packageManager = getPackageManager();
        applications = new ArrayList<ApplicationDetail>();
        // we need an intent that will be used to load the packages
        Intent intent = new Intent(Intent.ACTION_MAIN, null);
        // in this case we want to load all packages available in the launcher
        List<ResolveInfo> availableActivities = packageManager.queryIntentActivities(intent,0);
        // for each one we create a custom list view item
        for(ResolveInfo resolveInfo:availableActivities){
            ApplicationDetail applicationDetail = new ApplicationDetail(

At the end (I skip the code to create a custom list view item cause it should be quite easy to implement, anyway you can find it in the source code of this article) we will have a list view populated with all available applications. In my case in alphabetical order:


Create a plug-in

In order to not loose any of the advantages of the android application package we want to distribute our plug-ins as standalone packages but we don’t want that the user is capable to execute the packages as stand alone packages.

First of all, I want to make a little explanation of how android works and how each package is treated by the underlying Linux system:

  • The Android operating system is a multi-user Linux system in which each app is a different user.
  • By default, the system assigns each app a unique Linux user ID (the ID is used only by the system and is unknown to the app). The system sets permissions for all the files in an app so that only the user ID assigned to that app can access them.
  • Each process has its own virtual machine (VM), so an app’s code runs in isolation from other apps.
  • By default, every app runs in its own Linux process. Android starts the process when any of the app’s components need to be executed, then shuts down the process when it’s no longer needed or when the system must recover memory for other apps.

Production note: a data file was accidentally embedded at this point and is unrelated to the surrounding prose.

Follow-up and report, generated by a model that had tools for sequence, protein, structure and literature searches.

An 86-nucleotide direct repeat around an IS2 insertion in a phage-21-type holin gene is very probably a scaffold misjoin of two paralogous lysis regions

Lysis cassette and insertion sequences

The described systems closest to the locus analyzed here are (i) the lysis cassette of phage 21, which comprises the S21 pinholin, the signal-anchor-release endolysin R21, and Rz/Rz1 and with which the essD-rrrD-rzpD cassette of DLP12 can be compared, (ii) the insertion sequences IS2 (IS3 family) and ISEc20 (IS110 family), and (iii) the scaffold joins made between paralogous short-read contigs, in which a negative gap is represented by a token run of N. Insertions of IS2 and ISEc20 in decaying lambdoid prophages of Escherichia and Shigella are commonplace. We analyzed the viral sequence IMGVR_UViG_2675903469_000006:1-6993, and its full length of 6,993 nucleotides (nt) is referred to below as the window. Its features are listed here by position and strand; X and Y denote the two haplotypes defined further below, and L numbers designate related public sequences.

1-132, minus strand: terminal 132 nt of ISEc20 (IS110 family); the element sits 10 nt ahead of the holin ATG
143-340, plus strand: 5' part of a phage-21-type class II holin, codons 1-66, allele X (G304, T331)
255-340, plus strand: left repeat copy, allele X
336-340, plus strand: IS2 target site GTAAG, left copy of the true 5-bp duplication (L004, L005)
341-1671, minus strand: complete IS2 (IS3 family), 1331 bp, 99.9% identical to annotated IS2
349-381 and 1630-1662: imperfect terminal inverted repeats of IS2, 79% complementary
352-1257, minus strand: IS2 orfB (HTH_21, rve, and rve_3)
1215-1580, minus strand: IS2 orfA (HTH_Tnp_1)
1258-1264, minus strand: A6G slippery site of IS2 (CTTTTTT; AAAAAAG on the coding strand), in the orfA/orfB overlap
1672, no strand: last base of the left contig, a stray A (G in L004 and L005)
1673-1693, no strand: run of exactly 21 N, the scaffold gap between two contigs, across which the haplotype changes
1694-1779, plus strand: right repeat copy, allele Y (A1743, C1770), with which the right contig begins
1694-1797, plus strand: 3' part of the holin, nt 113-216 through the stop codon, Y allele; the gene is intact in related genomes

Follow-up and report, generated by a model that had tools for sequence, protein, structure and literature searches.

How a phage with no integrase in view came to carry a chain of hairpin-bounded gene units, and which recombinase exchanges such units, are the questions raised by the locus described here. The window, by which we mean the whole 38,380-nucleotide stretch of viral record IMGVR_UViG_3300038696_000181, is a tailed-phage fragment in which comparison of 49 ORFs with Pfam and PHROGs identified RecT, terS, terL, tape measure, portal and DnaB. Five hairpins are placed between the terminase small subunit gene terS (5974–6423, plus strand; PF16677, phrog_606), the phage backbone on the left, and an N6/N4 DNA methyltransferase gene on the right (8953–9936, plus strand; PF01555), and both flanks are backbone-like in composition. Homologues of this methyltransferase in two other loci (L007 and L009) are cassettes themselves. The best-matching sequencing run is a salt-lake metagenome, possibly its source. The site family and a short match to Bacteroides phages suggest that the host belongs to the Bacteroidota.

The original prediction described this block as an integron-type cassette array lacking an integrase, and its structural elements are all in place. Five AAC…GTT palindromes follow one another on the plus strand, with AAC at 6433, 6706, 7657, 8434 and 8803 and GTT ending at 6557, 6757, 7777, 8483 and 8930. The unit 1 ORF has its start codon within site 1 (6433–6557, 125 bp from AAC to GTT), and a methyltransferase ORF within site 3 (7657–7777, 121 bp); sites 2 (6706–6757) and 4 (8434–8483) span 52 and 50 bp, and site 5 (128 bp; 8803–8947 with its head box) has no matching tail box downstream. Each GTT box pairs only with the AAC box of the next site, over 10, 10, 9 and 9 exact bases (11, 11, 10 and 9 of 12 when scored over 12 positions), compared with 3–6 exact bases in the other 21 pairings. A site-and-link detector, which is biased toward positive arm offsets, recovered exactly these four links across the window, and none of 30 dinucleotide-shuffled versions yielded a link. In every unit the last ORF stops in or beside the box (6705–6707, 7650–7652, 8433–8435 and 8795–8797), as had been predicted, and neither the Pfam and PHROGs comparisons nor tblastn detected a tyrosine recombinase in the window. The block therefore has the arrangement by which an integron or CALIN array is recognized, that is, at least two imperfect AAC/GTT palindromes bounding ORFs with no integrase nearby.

All right, so first of all we need to create a new Android project and set the project to run in background. The project will have its own icon and activities and bla bla but it cannot be shown into the home launcher.

            android:label="@string/app_name" >
                <action android:name="android.intent.action.MAIN" />
                <category android:name="android.intent.category.LAUNCHER" />

And then the application is installed into our system, but is not visible in the launcher like the following screenshot:


The next step is to share a custom INTENT between my plug-in application and my main application and set the category of the plug-in to this custom intent. In this way my list view will be populated only with the list of available plugins.

If you pay attention to the Android manifest the INTENT is nothing more than a custom string, so in my plugin manifest I will change the intent in the following one:

    android:label="@string/app_name" >
        <action android:name="android.intent.action.MAIN" />
        <category android:name="ltd.netarchitectures.PLUGIN" />

And inside my ListView adapter I will load the activities that only implement my INTENT like this one:

packageManager = getPackageManager();
applications = new ArrayList<>();
Intent intent = new Intent(Intent.ACTION_MAIN, null);

And now when I start my main application only my plugins will be loaded:


Easy, isn’t it? In the next article I will explain how we can execute this plugin within the same thread (Linux VM) of the main activity and how we can control when a new plug-in is installed into the system.